Tyre is Lebanon’s fourth largest city and is sometimes referred to as “Queen of the Seas.” These words were written on CNN site and not by a Lebanese reporter; not only that but the article also described the summer of Tyre as “a picturesque summer scene that could easily be mistaken for popular holiday hotspots such as Greece or western Turkey.”
I took permission to publish an excerpt from this important article posted by the CNN website about our beloved Lebanese city Tyre, described like a dream city, and the writer was correct.
(Watch the OTV Report above for more details)
“Behind the city’s port, narrow streets are lined with houses painted violet purple and periwinkle blue. Shops are full of fishing paraphernalia, ropes, replacement hooks, and the like. In bars and restaurants, on a wooden platform overhanging the sea, customers in beach cover-ups and swimming shorts drink the local beer, Almaza, and dine on fish and chips, Lebanese-style.”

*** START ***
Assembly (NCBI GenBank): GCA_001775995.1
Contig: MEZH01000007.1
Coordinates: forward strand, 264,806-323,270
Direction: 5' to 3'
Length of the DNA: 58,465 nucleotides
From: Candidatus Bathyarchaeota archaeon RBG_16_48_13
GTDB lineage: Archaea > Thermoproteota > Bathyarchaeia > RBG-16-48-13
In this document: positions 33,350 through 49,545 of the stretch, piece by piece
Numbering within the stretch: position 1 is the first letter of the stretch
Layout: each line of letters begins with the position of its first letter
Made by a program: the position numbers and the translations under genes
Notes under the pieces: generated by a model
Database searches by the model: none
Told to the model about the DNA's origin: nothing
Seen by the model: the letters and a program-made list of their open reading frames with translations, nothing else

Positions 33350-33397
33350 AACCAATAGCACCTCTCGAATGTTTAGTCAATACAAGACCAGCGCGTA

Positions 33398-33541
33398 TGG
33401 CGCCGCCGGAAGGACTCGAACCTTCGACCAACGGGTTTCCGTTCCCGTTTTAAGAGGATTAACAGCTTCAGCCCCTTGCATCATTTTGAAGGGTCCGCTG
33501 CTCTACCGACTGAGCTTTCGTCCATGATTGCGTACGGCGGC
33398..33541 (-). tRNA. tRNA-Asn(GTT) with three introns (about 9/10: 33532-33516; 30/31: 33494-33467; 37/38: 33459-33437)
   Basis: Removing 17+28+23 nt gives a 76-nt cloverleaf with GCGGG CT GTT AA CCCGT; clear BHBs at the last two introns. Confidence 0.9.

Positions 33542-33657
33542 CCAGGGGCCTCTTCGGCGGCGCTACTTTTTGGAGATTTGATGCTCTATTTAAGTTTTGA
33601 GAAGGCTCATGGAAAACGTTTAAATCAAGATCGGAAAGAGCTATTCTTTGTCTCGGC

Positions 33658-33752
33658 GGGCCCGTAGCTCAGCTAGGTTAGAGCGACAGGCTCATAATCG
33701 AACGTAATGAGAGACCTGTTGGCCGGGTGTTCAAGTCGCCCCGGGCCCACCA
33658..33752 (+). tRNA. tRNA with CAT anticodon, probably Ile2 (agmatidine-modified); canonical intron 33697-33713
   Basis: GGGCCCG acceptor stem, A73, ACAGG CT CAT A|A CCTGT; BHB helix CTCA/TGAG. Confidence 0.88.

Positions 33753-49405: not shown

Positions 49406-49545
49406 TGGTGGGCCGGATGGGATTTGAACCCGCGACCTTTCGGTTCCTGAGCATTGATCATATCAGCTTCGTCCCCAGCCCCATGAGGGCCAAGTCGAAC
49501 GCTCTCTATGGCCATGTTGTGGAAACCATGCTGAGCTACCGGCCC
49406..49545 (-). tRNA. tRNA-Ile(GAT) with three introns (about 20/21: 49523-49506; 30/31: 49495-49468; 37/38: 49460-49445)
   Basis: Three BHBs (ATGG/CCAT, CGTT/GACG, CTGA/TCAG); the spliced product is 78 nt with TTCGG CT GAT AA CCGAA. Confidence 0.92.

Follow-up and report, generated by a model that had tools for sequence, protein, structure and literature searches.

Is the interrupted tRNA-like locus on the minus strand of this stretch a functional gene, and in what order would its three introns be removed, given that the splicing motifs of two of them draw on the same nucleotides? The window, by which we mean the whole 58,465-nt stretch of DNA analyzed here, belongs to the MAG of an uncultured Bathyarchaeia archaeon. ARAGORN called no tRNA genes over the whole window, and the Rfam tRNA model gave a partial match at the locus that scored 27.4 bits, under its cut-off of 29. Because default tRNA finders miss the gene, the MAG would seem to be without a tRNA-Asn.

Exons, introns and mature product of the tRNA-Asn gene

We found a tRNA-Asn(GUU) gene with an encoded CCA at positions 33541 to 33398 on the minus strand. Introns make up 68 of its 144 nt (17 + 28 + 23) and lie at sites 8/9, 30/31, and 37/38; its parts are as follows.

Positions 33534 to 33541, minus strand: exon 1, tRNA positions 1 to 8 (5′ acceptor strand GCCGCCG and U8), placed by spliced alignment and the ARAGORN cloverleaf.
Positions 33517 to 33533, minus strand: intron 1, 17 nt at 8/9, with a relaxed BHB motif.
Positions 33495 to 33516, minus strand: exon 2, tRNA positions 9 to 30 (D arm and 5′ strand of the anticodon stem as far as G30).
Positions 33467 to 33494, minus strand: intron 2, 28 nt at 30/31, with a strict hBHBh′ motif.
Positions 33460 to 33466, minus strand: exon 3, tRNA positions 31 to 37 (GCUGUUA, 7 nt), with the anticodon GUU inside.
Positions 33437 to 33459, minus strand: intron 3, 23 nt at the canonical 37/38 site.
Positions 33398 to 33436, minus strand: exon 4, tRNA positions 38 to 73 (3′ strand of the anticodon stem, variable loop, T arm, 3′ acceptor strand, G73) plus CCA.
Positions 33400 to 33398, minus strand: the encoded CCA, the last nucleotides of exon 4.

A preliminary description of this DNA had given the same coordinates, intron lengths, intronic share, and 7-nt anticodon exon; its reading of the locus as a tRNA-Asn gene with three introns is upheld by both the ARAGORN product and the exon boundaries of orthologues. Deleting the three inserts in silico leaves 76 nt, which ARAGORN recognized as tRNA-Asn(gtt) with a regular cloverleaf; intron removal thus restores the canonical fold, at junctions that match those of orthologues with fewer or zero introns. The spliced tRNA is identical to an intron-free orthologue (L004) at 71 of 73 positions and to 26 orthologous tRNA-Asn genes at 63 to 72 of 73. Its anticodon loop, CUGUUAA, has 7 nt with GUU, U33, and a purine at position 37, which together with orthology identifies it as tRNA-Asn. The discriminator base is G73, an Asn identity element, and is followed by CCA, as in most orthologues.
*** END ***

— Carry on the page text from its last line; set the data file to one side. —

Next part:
“Founded more than 4,000 years ago, Tyre prospered as one of the main cities of Phoenicia, an ancient Semitic civilization. It grew rich through trade of a vibrant purple dye made from locally harvested murex shells, and formed colonies that remain as cities today: Cadiz in Spain and Carthage in Tunisia.”
“When the Romans took Tyre, also known as “Sour”, in 64 BC, they built a splendid triumphal arch and one of the world’s largest hippodromes. Scratch marks on the stone, supposedly where chariot riders took a bend too closely, are still visible.These ruins, along with another complex, Al Mina, a kilometer or so away, comprise one of Lebanon’s five UNESCO World Heritage Sites.”
“Tyre is a city that has a long history, and in 2017 it breaks stereotypes that paint Lebanon as a chaotic nation constantly on the brink of conflict.”
“There is no one that comes to Tyre and doesn’t like it, or its atmosphere, or the people who live here,” Ahmed Fundi, a city resident, tells CNN. “In the summer, there are lots of parties and the atmosphere is great. Every summer is better than previous ones.”